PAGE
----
I was drawn to read this story in the New York Times this morning because of the pictures. His creations are marvelous. Then I noticed his way of interacting with his wife and son:
After nearly two decades of practice, Mr. Dougherty has honed his homecoming strategy. "I start a few days before by getting Linda and Sam in my current and immediate thoughts," he said. "That helps me remember that they are practiced in living without me. When I walk in the door, I have to give them a little space to adjust to my presence. My basic tendency would be to come barreling in. I try to wait a beat before I turn on the volume. I feel like I have to run parallel to them for a couple of hours before the pressures readjust."
I don't know if this is how Colin would describe changing his mind from work to home, but it seems like it might be. I find it hard to swallow sometimes that my husband has to put me in his immediate thoughts, because that's somewhere that I would like to be all the time. However, I realize that in some cases, it's a blessing for him to have that male mind that can keep things to think about in separate compartments instead of all running on the same screen like they do in mine.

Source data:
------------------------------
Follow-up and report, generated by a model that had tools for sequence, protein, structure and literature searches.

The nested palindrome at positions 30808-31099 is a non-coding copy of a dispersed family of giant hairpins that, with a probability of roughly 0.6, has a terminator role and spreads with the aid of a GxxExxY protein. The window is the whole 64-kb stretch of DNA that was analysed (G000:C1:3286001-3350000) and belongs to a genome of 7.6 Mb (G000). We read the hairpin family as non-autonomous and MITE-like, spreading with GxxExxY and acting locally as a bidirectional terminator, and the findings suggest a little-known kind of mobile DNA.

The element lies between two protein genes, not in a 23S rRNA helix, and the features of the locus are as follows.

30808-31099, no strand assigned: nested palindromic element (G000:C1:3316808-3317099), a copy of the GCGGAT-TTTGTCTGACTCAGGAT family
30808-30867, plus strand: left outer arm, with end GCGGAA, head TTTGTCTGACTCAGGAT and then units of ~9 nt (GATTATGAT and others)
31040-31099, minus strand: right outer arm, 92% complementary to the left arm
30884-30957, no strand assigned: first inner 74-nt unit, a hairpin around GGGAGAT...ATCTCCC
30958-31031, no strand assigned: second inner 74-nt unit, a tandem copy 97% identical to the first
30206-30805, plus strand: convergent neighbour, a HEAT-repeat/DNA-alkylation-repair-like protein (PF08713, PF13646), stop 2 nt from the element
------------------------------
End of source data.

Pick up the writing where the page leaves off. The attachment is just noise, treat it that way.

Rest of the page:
When this guy from the article talks about giving his family space, it makes me wonder if he is just doing it so that they can adjust to him being the center while he's there. That they have to adjust to his presence instead of him adjusting to theirs seems a little off balance. Still, I appreciate the way he has apparently come to understand that an adjustment is necessary.
With Colin gone this week, and me unsure of when he'll return, I find myself tempering the desire for him to be back because I don't want to be disappointed. I do this in other situations as well - lowering my expectations for fear they won't be fulfilled. It leads me to withdrawing, which is unhealthy. It seems that life is too short to have to "run parallel."